The same list represented in the second box notation looks like this:

 --------------       --------------       --------------
| car | cdr | | car | cdr | | car | cdr |
| o | o------->| oak | o------->| maple | nil |
| | | | | | | | | |
-- | --------- -------------- --------------
|
|
| -------------- ----------------
| | car | cdr | | car | cdr |
------>| pine | o------->| needles | nil |
| | | | | |
-------------- ----------------

2.4.6.2 Dotted Pair Notation

Dotted pair notation is a general syntax for cons cells that represents the CAR and CDR explicitly. In this syntax, (a . b) stands for a cons cell whose CAR is the object a and whose CDR is the object b. Dotted pair notation is more general than list syntax because the CDR does not have to be a list. However, it is more cumbersome in cases where list syntax would work. In dotted pair notation, the list ‘(1 2 3)’ is written as ‘(1 . (2 . (3 . nil)))’. For nil-terminated lists, you can use either notation, but list notation is usually clearer and more convenient. When printing a list, the dotted pair notation is only used if the CDR of a cons cell is not a list.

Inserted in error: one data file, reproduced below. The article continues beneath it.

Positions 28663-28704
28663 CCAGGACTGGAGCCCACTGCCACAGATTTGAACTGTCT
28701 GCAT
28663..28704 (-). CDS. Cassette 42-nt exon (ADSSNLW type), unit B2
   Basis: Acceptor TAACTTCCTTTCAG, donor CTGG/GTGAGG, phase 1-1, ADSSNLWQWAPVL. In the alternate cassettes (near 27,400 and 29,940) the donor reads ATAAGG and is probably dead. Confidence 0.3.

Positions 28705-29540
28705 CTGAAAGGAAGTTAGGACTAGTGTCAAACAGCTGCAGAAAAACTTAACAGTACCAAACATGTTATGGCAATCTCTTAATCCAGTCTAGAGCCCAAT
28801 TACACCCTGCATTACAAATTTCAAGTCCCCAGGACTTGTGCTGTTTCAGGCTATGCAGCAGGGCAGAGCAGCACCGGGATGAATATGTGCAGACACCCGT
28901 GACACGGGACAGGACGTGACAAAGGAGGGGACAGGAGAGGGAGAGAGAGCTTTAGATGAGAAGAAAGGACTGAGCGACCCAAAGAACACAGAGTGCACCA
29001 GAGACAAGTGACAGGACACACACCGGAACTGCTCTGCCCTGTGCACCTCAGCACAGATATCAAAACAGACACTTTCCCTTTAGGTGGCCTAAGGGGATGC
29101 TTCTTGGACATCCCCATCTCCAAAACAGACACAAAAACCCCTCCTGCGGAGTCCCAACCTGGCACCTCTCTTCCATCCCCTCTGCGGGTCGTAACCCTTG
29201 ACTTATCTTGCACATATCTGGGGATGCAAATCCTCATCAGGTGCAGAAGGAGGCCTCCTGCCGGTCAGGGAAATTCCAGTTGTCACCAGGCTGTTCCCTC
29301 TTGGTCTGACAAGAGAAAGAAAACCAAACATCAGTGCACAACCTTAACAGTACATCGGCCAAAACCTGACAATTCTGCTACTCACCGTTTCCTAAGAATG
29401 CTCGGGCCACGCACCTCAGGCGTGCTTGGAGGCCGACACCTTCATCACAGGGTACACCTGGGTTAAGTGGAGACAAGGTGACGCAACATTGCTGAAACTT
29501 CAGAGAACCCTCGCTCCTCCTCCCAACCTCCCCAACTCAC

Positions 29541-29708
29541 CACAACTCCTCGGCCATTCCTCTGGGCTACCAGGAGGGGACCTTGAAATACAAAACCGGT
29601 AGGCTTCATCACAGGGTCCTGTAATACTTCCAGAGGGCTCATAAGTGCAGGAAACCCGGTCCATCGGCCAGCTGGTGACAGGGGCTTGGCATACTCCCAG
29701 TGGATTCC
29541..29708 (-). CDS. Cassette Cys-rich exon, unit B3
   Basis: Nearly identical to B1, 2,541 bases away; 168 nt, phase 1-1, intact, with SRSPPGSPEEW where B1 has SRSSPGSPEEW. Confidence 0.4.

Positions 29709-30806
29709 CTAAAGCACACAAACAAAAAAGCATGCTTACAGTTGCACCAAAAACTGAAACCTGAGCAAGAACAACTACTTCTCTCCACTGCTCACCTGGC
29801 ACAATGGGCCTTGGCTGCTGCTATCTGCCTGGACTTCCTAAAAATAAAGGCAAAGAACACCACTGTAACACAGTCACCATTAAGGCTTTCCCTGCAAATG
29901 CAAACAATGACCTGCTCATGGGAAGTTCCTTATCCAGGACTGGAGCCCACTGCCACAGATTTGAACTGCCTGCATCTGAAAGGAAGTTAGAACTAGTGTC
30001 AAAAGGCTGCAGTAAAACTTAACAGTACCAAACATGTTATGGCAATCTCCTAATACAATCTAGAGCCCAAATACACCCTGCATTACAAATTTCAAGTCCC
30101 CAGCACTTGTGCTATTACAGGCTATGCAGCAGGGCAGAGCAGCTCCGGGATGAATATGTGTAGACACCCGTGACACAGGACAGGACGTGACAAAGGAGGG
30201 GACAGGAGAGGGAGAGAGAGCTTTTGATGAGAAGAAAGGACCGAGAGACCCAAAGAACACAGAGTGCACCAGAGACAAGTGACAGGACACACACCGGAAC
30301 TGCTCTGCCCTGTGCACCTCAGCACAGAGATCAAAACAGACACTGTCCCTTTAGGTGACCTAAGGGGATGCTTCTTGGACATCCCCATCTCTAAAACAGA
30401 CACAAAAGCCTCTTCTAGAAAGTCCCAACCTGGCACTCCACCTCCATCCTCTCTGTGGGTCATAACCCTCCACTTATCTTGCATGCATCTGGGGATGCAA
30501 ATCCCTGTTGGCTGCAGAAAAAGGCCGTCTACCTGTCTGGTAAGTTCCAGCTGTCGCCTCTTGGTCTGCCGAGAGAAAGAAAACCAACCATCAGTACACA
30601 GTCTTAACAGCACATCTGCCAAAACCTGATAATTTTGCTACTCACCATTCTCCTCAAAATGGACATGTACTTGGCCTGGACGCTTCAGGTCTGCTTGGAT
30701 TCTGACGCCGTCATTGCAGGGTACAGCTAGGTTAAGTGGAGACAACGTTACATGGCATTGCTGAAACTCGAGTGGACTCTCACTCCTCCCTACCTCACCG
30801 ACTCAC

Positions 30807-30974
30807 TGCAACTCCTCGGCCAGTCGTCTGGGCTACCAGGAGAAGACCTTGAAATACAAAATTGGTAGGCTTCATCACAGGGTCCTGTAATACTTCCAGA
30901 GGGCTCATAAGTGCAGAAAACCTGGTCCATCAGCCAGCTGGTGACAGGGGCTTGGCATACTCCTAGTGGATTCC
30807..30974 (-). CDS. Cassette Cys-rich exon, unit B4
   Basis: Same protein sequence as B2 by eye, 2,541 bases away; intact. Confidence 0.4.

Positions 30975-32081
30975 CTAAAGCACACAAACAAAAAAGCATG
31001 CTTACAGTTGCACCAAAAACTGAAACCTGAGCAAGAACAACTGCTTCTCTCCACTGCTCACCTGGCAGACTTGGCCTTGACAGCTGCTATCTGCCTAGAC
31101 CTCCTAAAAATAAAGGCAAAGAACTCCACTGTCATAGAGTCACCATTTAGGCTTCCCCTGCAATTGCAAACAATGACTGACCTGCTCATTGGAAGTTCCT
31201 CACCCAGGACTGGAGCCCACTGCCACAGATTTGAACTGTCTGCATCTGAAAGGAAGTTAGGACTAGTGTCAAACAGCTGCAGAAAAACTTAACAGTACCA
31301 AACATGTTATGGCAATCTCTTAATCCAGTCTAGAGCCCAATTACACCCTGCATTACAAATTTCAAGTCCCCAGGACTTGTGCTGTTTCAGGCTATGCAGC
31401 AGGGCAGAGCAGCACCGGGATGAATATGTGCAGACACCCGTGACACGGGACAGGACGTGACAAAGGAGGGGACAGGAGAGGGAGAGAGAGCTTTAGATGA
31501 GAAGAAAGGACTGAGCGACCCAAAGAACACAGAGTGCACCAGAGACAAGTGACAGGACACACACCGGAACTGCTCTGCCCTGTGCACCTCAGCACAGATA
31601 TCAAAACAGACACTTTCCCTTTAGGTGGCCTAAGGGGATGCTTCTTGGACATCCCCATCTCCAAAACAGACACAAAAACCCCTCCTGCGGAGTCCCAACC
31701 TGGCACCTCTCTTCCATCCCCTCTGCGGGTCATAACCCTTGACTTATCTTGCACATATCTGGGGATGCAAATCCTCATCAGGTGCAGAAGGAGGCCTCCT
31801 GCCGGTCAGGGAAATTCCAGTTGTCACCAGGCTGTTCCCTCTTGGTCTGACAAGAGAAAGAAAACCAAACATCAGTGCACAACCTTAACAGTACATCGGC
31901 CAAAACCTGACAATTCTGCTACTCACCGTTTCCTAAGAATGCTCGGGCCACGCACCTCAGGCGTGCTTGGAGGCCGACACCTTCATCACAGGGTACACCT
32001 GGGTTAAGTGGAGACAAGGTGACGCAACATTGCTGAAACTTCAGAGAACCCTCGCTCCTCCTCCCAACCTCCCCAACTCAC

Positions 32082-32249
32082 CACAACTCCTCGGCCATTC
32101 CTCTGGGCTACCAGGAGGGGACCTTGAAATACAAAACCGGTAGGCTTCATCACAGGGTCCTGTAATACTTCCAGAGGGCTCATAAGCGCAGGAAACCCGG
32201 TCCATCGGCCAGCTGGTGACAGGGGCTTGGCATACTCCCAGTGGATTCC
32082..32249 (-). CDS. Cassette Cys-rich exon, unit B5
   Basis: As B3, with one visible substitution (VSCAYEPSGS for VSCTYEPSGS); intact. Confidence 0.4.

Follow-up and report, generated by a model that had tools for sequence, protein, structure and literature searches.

Here’s an example using boxes to illustrate dotted pair notation. This example shows the pair (rose . violet):

    --- ---
| | |--> violet
--- ---
|
|
--> rose

You can combine dotted pair notation with list notation to represent conveniently a chain of cons cells with a non-nil final CDR. You write a dot after the last element of the list, followed by the CDR of the final cons cell. For example, (rose violet . buttercup) is equivalent to (rose . (violet . buttercup)). The object looks like this: